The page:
https://www.youtube.com/watch?v= (This video was originally posted May 2012. It was produced, edited and directed by Colin Davis.)
Memorial Day brings thoughts of duty, honor, courage, sacrifice and loss. The holiday, the most somber date on the American national calendar, was born in the ashes of the Civil War as “Decoration Day,” when General John S. Logan –a-veteran of the Mexican and Civil Wars, a prominent Illinois politician and leader of the Grand Army of the Republic, a Union fraternal organization –called for May 30, 1868 as the day on which the graves of fallen Union soldiers would be decorated with fresh flowers in his “General Orders No. 11.”
“We should guard their graves with sacred vigilance. All that the consecrated wealth and taste of the Nation can add to their adornment and security is but a fitting tribute to the memory of her slain defenders. Let no wanton foot tread rudely on such hallowed grounds.”
Pointedly, Logan’s order was seen as a day to honor those who died in the cause of ending slavery and opposing the “rebellion.”
Every year at this time, I spend a lot of time talking about the roots and traditions of Memorial Day.
It’s not about the barbecue or the Mattress Sales. Obscured by the holiday atmosphere around Memorial Day is the fact that it is the most solemn day on the national calendar. This video tells a bit about the history behind the holiday.
One of the most famous symbols of the loss on Memorial Day is the Poppy, inspired by this World War I poem by John McCrae, “In Flanders Fields”
In Flanders fields the poppies blow
Between the crosses, row on row,
That mark our place, and in the sky,
The larks, still bravely singing, fly,
Scarce heard amid the guns below.
We are the dead; short days ago
We lived, felt dawn, saw sunset glow,
Loved and were loved, and now we lie
In Flanders fields.
Take up our quarrel with the foe!
To you from failing hands we throw
The torch; be yours to hold it high!
If ye break faith with us who die
We shall not sleep, though poppies grow
In Flanders fields.
Have a memorable Memorial Day!
The U.S. Dept. of Veterans Affairs offers more resources on the history and traditions of Memorial Day.
(Images in video: Courtesy of the Library of Congress and Flanders Cemetery image Courtesy of the American Battle Monuments Commission)
[8/2016 post updated 5/15/2019]
“Charges that four oil vessels were attacked at the mouth of the Persian Gulf over the weekend have amplified fears across the region about the escalating tensions between Iran and the West.” New York Times, May 13, 2019
Ships attacked. U.S. military response ratcheted up. Been there, done that. It did not end well.
What was the Tonkin Resolution?
On August 7, 1964, Congress approved a resolution that soon became the legal foundation for Lyndon B. Johnson’s escalation of the Vietnam War. (New York Times story)
It came in August 1964 with a brief encounter in the Gulf of Tonkin, the waters off the coast of North Vietnam where the U.S. Navy posted warships loaded with electronic eavesdropping equipment enabling them to monitor North Vietnamese military operations and provide intelligence to CIA-trained South Vietnamese commandos. One of these ships, the U.S.S. Maddox was reportedly fired on by gunboats from North Vietnam.
The reported attack came in the midst of LBJ’s 1964 campaign against hawkish Republican Barry Goldwater. President Johnson felt the incident called for a tough response and had the Navy send the Maddox and a second destroyer, the Turner Joy, back into the Gulf of Tonkin. A radar man on the Turner Joy saw some blips, and that boat opened fire. On the Maddox, there were also reports of incoming torpedoes, and the Maddox began to fire. There was never any confirmation that either ship had actually been attacked. Later, the radar blips would be attributed to weather conditions and jittery nerves among the crew.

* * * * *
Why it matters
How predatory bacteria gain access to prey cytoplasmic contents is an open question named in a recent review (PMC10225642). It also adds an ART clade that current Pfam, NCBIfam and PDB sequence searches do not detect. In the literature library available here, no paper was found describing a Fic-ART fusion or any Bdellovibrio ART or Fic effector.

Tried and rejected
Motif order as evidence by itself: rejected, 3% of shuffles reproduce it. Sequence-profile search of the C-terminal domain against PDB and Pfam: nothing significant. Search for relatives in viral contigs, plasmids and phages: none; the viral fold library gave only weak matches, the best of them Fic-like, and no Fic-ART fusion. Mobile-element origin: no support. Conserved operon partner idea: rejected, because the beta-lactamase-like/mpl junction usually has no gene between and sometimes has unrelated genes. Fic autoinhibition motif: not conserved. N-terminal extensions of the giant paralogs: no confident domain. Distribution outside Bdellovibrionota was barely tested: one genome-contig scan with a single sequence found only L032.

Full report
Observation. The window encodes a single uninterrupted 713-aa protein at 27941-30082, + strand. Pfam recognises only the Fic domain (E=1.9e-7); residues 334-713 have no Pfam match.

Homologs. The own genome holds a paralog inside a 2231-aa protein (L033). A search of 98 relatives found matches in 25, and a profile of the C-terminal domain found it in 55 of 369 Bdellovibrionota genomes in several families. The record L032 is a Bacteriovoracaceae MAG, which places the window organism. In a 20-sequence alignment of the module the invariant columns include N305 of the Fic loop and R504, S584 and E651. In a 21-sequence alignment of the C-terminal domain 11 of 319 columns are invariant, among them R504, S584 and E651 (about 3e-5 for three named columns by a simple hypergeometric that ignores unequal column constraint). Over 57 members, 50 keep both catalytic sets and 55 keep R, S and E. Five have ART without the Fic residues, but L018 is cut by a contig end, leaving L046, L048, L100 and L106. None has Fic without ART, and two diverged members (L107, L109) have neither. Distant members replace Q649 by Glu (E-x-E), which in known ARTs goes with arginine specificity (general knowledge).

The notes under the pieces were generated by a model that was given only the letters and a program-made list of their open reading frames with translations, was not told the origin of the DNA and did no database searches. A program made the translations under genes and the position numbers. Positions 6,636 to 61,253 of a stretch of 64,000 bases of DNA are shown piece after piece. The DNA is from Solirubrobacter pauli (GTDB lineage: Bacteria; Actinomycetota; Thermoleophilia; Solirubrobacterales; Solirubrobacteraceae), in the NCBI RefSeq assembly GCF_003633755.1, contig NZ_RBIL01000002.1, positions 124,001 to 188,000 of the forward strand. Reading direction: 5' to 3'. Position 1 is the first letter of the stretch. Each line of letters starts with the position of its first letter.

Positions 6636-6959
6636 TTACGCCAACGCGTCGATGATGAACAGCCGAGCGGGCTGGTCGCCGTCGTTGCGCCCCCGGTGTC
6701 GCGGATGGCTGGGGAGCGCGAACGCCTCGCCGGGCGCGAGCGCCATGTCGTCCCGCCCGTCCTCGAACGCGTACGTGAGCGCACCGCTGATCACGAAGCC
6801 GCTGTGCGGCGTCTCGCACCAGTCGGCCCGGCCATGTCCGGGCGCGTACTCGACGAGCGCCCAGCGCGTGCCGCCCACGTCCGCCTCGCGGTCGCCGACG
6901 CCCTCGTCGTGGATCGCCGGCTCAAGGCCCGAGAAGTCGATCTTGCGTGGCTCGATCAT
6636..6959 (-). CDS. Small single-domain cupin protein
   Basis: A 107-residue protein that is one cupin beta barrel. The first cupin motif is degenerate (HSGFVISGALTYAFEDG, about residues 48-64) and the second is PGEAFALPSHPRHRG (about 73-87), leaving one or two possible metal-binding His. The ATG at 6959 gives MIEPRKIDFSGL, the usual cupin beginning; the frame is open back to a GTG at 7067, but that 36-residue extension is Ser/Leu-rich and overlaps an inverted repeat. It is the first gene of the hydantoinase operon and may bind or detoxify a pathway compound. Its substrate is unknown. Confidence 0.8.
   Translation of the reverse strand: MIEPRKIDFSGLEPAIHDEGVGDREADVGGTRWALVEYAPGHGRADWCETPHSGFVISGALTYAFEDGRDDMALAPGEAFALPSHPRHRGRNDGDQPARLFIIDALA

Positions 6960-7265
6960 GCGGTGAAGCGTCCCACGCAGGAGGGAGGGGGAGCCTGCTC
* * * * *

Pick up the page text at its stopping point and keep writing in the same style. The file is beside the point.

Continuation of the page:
According to Stanley Karnow’s Vietnam: A History,
“Even Johnson privately expressed doubts only a few days after the second attack supposedly took place, confiding to an aide, ‘Hell, those dumb stupid sailors were just shooting at flying fish.’”
Johnson ordered an air strike against North Vietnam and then called for passage of the Gulf of Tonkin Resolution. This legislation gave the president the authority to “take all necessary measures” to repel attacks against U.S. forces and to “prevent further aggression.” The resolution not only gave Johnson the powers he needed to increase American commitment to Vietnam, but allowed him to blunt Goldwater’s accusations that Johnson was “timid before Communism.”
The Gulf of Tonkin Resolution passed the House unanimously after only forty minutes of debate. In the Senate, there were only two voices in opposition. What Congress did not know was that the resolution had been drafted several months before the Tonkin incident took place. In June 1964, on LBJ’s orders, according to journalist-historian Tim Weiner,
“Bill Bundy, the assistant secretary of state for the Far East, brother of the national security adviser, and a veteran CIA analyst, had drawn up a war resolution to be sent to Congress when the moment was ripe.” (Legacy of Ashes: The History of the CIA, p. 280)
Congress, which has sole constitutional authority to declare war, had handed that power over to Johnson, who was not a bit reluctant to use it. One of the senators who voted against the Tonkin Resolution, Oregon’s Wayne Morse, later said,
“I believe that history will record that we have made a great mistake in subverting and circumventing the Constitution.”
After the vote, Walt Rostow, an adviser to Lyndon Johnson, remarked,
“We don’t know what happened, but it had the desired result.”
In January 1971, Congress repealed the Gulf of Tonkin resolution as popular opinion grew against a continued U.S. military involvement in Vietnam
Since Vietnam, United States military actions have taken place as part of United Nations’ actions, in the context of joint congressional resolutions, or within the confines of the War Powers Resolution (also known as the War Powers Act) that was passed in 1973, over the objections (and veto) of President Richard Nixon.”